As a Master’s student, studying Children’s Literature, I was asked to write a critical reading autobiography that considered the texts that had shaped my early reading identity. Through this process I realized that, as a young reader, the most influential texts in my experience were ones where the pages of the book could be made meaningful on a personal level, usually through identification with a character’s sense of place, or by perceiving the place as somewhere I had been, or as a reflection of the rural world that I lived and breathed in.

 As an interdisciplinary researcher, interested in the intersections between children’s geographies, children’s literature, and reader response, I wanted to understand the ways in which other young adult readers navigated transitions between places, and how (if at all) they perceived the role of place(s) — social and physical — within their lives.

For my doctoral project, I decided to work with sixteen— and seventeen-year old adolescent readers living in two geographically diverse regions of Canada: a rural town (renamed Lakeside) in Northern Ontario, and in a neighbourhood of Toronto (renamed Kirkville). I worked with the two cases separately; due to the geographical distance between the sites, the two groups never met. Prior to meeting as a group, I gave each participant two texts: Tim Wynne-Jones’ Blink and Caution (2011) and Clare Vanderpool’s Moon Over Manifest (2010).


I chose these texts because they are intrinsically place-based. Blink and Caution gives an almost-accurate depiction of the streetscape of Toronto. I wondered what it would be like for my urban participants, living in Toronto, to read about a place that exists within their everyday world. Although Moon Over Manifest is set in rural Kansas, it is less specific in terms of detail; it could easily be read as small-town Ontario.  

While participants read the texts individually, in their spare time, they engaged in participant-led group discussions revolving around the chosen texts. Alongside these discussions, participants created a place-journal, containing visual and written responses, both to the text, and also to the ways in which they consider place to be influential within their own lives. Lastly, participants engaged in semi-structured interviews with myself where their place-journals prompted a discussion of their conceptualizations and experiences of place, inside and outside of the texts. Most importantly, I wanted to understand how and if the act of reading these place-based texts incited these participants to deliberate on the role of place within their own lives.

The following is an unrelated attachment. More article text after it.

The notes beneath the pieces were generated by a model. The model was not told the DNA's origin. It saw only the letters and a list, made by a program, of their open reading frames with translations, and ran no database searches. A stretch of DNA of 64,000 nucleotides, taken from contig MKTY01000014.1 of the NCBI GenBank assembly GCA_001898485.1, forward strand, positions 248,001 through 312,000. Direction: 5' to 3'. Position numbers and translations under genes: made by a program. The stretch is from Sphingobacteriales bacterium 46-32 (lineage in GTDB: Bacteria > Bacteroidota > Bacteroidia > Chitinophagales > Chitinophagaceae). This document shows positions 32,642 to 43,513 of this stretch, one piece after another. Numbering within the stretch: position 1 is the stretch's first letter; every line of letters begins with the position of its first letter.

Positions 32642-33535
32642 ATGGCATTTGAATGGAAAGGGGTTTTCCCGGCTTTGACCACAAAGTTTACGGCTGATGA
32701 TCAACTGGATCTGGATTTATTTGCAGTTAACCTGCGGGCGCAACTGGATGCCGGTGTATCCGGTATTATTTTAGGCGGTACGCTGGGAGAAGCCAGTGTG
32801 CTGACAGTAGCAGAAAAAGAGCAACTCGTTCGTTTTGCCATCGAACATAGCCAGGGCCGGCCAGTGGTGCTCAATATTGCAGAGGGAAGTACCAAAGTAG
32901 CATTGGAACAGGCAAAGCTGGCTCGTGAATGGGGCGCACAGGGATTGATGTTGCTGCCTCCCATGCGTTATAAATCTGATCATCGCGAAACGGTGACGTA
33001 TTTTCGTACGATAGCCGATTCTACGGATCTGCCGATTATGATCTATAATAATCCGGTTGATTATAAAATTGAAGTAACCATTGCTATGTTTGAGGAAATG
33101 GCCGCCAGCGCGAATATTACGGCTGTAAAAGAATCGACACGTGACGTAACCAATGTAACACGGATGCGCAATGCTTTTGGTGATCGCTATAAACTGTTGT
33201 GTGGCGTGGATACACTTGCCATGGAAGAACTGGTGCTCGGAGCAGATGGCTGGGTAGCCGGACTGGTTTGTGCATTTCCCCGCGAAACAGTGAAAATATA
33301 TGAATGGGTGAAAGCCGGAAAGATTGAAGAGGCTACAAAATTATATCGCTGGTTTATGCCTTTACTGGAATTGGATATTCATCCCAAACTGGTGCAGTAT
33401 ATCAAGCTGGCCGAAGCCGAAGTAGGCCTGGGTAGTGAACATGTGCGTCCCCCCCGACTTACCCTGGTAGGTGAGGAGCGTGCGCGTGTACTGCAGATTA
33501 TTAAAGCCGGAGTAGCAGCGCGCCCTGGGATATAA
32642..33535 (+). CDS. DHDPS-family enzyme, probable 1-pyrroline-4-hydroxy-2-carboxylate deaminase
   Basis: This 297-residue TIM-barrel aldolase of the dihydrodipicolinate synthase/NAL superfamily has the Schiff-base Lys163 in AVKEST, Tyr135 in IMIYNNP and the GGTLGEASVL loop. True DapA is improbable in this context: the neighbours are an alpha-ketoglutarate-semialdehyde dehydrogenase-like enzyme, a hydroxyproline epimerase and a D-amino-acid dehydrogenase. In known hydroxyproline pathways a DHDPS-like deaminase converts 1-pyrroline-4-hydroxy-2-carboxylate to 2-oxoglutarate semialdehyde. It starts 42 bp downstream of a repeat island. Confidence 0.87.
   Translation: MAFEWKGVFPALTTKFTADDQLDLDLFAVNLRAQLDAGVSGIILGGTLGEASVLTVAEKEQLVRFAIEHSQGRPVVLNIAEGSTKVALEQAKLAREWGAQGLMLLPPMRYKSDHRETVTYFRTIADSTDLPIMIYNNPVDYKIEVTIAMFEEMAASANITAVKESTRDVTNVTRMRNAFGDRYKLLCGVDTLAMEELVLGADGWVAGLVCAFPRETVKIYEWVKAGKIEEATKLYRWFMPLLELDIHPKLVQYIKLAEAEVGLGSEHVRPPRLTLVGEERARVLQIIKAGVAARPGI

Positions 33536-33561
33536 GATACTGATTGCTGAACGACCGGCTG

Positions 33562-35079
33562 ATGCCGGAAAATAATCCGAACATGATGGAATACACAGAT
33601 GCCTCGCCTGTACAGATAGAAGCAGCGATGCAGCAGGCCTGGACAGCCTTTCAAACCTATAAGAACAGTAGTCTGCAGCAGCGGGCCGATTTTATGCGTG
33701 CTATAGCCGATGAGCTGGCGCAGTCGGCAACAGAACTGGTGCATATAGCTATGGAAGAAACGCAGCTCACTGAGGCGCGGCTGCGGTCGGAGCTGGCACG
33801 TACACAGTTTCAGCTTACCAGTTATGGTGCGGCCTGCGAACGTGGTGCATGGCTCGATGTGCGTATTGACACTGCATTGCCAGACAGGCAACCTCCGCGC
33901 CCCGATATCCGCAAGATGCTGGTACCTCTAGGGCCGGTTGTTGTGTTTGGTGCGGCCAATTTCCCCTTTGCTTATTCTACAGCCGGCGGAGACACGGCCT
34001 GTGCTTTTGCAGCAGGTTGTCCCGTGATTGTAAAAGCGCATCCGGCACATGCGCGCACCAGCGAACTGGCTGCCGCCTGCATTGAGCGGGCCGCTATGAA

My first significant finding was that my participants construed place in very different ways. Their reflections were ultimately shaped by previous life experiences. Liam, from Lakeside, was my only male participant. When asked, ‘where are you from?’, he explained, straight-faced, that he is ‘from his mother’s uterus’. Rather than focusing on a precise physical location, Liam continually reflected on the social ties that he has with his mother. People were more important than physical places. Sophie, also from Lakeside, had never moved in her life; she had only visited ‘the city’ once. Sophie construed home as the precise physical geography of her community: the streets, the main dock, the beach. When I met Sophie, she was seventeen, and was preparing to leave home to go to university. Sophie explained that leaving home would feel like she was being ‘ripped away’ from everything that she knew (Spring, 2015). Liam, on the other hand, had no desire to plant roots in geographical places, as long as he could maintain relationships with his family.

In Kirkville, two of my participants were migrants. Irina moved from Russia to Kirkville at age ten; she was still trying to navigate what being ‘Canadian’ meant. In our discussions, Irina aligned Russia with her idyllic childhood, where she played in the woods and explored with her grandfather. Her journal included a reflective piece about her life in the woods, and a map of her house in Russia in intricate detail.


Chloe had been living in Toronto for three years, having previously lived in Seoul. Toronto came to represent the freedom of adolescence, as she distanced herself from the Korean community, including her mother. Chloe considered herself to be a ‘Canadian’ and interestingly reflected on the ways in which she would be an outsider if she returned to Seoul, even though she spent the first thirteen years of her life there. Although Irina and Chloe shared the migrant experience, the process of moving from one place to another was drastically different for these individuals. In different ways, the act of reading these texts encouraged Irina and Chloe to reflect on their journeys between places. Talking about their experiences as migrants was facilitated by their readings of these texts.

These multiple constructions of place, outside of the texts, undoubtedly informed my participants’ readings of the research texts. Liam, for example, perceived Caution (Wynne-Jones’ protagonist) to be ‘from her mother’ rather than from a geographical place. He focused on the relationship between Blink and Caution, and their trajectories as friends, rather than on the physical journey these characters took across and between spaces. Irina, who resisted being an insider to Canada, reflected on Abilene’s arrival in Manifest, and her experience of being the ‘new girl’ at school. Calla, from Kirkville, had a very superficial understanding of the streetscape of the city, as a result of having been driven between places (school, ballet, etc.) by her parents. Her lack of independence in the city came up against Blink and Caution’s freedom in space. She found it difficult to follow their movements between and within places, as they had ‘more information’ than she did as a reader.